Tuesday, September 25, 2012

Legal Industrial Complex Still Struggling with Rising Costs

Parsley Sage Rosemary & Ginsburg llp
“always a reasonable result for a reasonable fee, always”
MEMORANDUM

To:
Management Committee
From:
Mike Marget
Date:
September 25, 2012
Re:
Legal Industrial Complex Still Struggling with Rising Costs

Two big financial institutions, who bank many of the largest US law firms, recently released surveys concerning the financial condition of the Legal Industrial Complex.[i]  While these surveys attract less attention than pronouncements from the Federal Reserve, The American Lawyer magazine makes a big deal out of them, as do most big firm managing partners.

The elite law firm lending units at Wells Fargo and Citi Private Bank surveyed 115 and 176 law firms, respectively.[ii]   Since some firms participate in both surveys, it is not surprising that both banks reached the same conclusion about big firm financial results for the fist six months of 2012:
·         Revenues up
·         Expenses up more than revenues
·         Profits down.

The magazine’s takeaway:  After 4+ years of lawyer headcount reduction, staff layoffs and overhead cost reductions, managers at the Legal Industrial Complex firms are running out of ideas for aligning slow revenue increases with faster escalating expenses.

What’s a law firm manager to do?  Plenty actually, but it will require some out-of-the-box thinking and nimble execution.  I’m indebted to Hal M. Stewart (who I’ve never met), the COO at the mega-firm Chadbourne & Parke LLC, for suggesting a list of technology-centric initiatives in an articlepublished last December.  I’ve tweaked Stewart’s list a bit to emphasize operating efficiency and lawyer productivity improvement opportunities.  Most of these initiatives will improve the bottom line for small and midsize firms, too.

 
applicable to
smaller firms, too?
1.
Back office functions:  outsource or relocate them to lower-cost locations.  (Selective big firms are doing this and the trend is sure to continue.)
√ Absolutely, especially outsourcing
2.
Digitize all incoming mail/Document Management Systems:  improvements in scanning technology and integration with document management systems bring efficiencies to mail distribution and storage-and-retrieval of correspondence; enhanced use of client-matter databases to keep track of all relevant documents, emails, voicemails, PDFs and filings.
 
√ Absolutely,  document management is a big deal
3.
Reduce office rent – “hoteling” and other efforts to reduce office space
Probably Not
 
4.
Workflow automation to streamline client billing process: faster processing of client charges; electronic distribution of pre-bills; email invoice delivery (no mailing of paper invoices); faster processing equals faster collection cycle
√ Absolutely, available through outsourcing
5.
Actionable financial data:  faster, more informative financial reports; client budgeting, especially for fixed fee and contingency matters to gauge profitability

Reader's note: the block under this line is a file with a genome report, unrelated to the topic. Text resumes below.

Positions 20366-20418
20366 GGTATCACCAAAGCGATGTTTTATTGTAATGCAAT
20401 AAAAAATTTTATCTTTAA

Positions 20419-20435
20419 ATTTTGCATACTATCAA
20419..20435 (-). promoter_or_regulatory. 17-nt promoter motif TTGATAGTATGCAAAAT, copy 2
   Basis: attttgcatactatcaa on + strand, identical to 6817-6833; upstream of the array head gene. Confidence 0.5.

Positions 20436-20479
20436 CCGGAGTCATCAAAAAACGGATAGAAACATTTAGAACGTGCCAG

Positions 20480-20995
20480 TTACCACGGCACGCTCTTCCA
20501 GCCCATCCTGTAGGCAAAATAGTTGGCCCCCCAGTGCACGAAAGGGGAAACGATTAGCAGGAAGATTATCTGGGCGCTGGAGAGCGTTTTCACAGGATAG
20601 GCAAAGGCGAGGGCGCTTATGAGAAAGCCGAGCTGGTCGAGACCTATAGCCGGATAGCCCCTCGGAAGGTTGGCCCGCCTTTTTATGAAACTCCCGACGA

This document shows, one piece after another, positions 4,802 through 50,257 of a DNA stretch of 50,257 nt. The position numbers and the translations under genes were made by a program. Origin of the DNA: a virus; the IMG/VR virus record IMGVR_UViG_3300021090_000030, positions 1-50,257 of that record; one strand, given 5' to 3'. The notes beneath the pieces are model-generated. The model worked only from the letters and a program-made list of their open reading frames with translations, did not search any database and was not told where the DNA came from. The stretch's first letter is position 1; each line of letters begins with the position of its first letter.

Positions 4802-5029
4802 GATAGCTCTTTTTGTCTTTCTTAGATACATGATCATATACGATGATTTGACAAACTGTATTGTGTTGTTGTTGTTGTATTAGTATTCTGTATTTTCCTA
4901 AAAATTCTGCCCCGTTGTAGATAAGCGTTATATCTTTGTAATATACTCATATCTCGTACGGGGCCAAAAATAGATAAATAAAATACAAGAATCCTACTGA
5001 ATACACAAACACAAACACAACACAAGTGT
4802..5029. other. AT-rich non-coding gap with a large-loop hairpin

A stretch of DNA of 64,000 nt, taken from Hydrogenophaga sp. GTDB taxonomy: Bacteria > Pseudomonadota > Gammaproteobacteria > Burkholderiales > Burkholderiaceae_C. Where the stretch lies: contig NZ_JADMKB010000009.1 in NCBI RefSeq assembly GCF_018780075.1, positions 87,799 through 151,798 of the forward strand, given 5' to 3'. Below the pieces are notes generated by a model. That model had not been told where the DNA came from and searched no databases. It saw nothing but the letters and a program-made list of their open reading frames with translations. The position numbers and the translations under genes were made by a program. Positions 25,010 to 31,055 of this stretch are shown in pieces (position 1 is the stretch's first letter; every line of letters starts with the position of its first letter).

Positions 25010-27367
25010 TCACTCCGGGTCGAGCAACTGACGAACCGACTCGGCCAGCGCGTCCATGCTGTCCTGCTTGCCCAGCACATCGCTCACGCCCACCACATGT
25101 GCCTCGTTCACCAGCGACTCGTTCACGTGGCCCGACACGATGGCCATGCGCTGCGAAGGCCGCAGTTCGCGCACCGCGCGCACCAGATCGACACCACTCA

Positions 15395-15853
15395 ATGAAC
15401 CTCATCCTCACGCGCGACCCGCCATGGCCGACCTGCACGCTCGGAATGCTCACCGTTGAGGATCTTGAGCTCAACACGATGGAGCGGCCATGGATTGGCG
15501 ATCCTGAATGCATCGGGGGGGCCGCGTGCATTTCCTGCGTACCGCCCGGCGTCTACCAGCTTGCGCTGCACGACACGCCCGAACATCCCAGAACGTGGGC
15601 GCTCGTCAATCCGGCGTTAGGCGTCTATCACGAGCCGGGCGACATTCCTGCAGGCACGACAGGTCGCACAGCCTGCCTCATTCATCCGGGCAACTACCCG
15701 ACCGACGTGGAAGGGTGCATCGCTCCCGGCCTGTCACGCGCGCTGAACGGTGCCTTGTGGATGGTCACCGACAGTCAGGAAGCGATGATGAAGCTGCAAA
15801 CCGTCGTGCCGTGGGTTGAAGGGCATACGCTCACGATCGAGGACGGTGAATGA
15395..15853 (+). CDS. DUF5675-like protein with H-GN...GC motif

√ Absolutely
 
6.
Unified messaging for email/voicemail and lower telecommunications costs:  VOIP (voice-over-Internet protocol) telephone systems; ability to forward voicemail messages and save them (long-term) for retrieval via case-matter database
 
√ Can be accomplished
inexpensively
7.
Social media to recruit associates:  Facebook as a recruiting communications tool.
Probably makes sense
8.
Precedent retrieval/Document assembly: utilize document management systems to store prior work product for prompt retrieval to avoid duplicating prior research or drafting; and utilize form documents integrated with specific case management databases to draft recurring forms (e.g., pleadings; interrogatories; motions).
√ Absolutely, available through  managed
 IT services

Let’s be real.  There is still a lot of work to be done to realize the potential of law firm workplace technology – both in big firms and small/midsize firms. 

Value billing, alternative fee arrangements, contingency fee windfalls and busts aside – at the end of the day there are only 24 hours for lawyers to do what they do – represent current clients, prospect for future clients, and all the other things.  Lawyers (and administrators) need more time for all three. 

Full Disclosure Note:  4L Law Firm Services manages – for small and midsize law firms – all those things given the √ Absolutely references.



[i] “Legal Industrial Complex” is a term applied to the 200 largest US firms identified each year by name in The American Lawyer magazine as having the highest gross revenue.  The published numbers there are mostly about bragging rights – to impress corporate clients and potential lateral candidates (i.e., the richest clients use the richest lawyers).  Although the magazine claims to do extensive due diligence on the numbers, the “real numbers” sometimes get massaged multiple times by managing partners, management committees and image consultants before being given up for publication.  The Wells Fargo and Citi Private Bank surveys, as well as a private one conducted by PricewaterhouseCoopers, provide comprehensive, reliable financial data, useful for peer group comparison purposes because the data for each participating firm is kept confidential. 
[ii] What, you might ask, do these 2 banks get for all the time, expense and trouble of compiling these surveys 4-times a year?  They get a “sit down” with the managing partner of each participating law firm; an excellent time to solidify relationships with their law firm customers and to market themselves to firms who bank elsewhere.

2 comments:

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  2. Maybe they should've cut on buying nyc conference tables; those layoffs would've been avoided in that case.

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